Thanks Buzzard. I guess it's time for us to quit feeling sorry for ourselves and put on our "big boy pants". This site is going to provide me so much comfort and I will share what I learn with me husband. Our situation is somewhat unique in that I was diagnosed with breast cancer six days prior to my husbands diagnosis. Mine was luckily in Stage I so only need radiation which begins this week. These diagnosis happened two weeks prior to our first daughters graduation from high school so instead of the planned $100 gift we were going to give her she got a convertible. She says cancer has made us better gift givers.
  • buckeye2
    buckeye2 Member Posts: 428 Member
    Options
    Buzzard said:

    Look at it this way.........
    If there was one man on this earth most likely he would be wore out by now......If there was one woman on this earth most likely she would be bossing all the men around by now...kidding...but what I am getting at is this...there are many many many great surgeons, hospitals, clinics, Oncologists, and survivors that were in the same shoes as the 2 of you. Do Not sit back and let one individual make life decisions for you...You will be your own defense mechanism against your cancer. They will recommend treatments to you or other avenues to go but do not think for one minute that anyone has cornered the market on whether or not your options are limited. Oh contraire...your options are limitless...as long as you become proactive in your own knowledge base and be courteous but vigilant in your options for treatment...Make some calls to other hospitals ie. Vanderbilt,MD Anderson, Sloan Kettering etc....do not limit your ability to make major advancements to help yourself get back into the life you lived before cancer. There are so many new things out there...go find one that fits you.......buzz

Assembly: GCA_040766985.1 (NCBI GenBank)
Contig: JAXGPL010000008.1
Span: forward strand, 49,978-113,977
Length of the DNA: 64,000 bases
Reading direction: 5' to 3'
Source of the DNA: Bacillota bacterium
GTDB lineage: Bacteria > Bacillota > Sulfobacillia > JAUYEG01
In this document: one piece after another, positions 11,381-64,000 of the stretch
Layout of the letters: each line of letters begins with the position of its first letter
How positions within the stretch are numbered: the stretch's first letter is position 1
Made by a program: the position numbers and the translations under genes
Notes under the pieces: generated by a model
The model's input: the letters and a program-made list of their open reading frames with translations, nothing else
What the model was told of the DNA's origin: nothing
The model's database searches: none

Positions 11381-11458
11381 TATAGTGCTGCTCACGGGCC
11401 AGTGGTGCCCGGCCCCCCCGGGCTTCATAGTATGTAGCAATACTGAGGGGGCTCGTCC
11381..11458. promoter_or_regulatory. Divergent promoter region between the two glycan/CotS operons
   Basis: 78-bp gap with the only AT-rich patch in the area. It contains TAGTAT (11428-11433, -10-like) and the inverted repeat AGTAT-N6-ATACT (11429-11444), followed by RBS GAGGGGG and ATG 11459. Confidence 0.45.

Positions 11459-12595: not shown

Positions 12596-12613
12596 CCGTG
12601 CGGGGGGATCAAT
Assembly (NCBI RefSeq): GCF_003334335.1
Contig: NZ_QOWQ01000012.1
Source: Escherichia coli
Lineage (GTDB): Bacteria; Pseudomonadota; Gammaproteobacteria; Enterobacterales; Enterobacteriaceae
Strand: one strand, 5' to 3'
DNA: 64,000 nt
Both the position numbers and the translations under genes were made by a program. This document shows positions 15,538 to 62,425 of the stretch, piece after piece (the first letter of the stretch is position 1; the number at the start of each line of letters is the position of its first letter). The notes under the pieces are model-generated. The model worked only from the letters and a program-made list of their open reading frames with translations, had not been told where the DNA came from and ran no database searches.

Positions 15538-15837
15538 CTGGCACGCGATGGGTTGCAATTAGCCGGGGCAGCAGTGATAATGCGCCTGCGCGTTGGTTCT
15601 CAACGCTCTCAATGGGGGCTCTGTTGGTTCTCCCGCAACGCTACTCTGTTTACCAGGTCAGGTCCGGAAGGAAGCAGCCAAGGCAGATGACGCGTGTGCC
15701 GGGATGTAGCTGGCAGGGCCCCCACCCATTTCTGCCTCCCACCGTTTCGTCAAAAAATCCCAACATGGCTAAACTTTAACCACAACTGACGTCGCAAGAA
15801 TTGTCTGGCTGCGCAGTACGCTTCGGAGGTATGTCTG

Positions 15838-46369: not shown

Thanks
    Thanks Buzzard. I guess it's time for us to quit feeling sorry for ourselves and put on our "big boy pants". This site is going to provide me so much comfort and I will share what I learn with me husband. Our situation is somewhat unique in that I was diagnosed with breast cancer six days prior to my husbands diagnosis. Mine was luckily in Stage I so only need radiation which begins this week. These diagnosis happened two weeks prior to our first daughters graduation from high school so instead of the planned $100 gift we were going to give her she got a convertible. She says cancer has made us better gift givers.
  • buckeye2
    buckeye2 Member Posts: 428 Member
    Options
    eightpawz said:

    chemo for life
    I'm sorry your husband is feeling down, I get it. I was dx Stage IV in September, and I have a 2 year old daughter. My liver was 75% full of tumors when I started chemo, they were surprised I had no pain or jaundice. I had a scan on Monday, a number of the smaller tumors have drastically shrunk or are gone, and the biggest one has shrunk 60% in size. They don't even look at the primary tumor anymore, can't find it. At this time they're saying I'm a chemo for life as well, but that's today. They said moving forward if the tumors stablize, maybe it could become maintenance, once per month. I think of like have a chronic illness, like diabetes.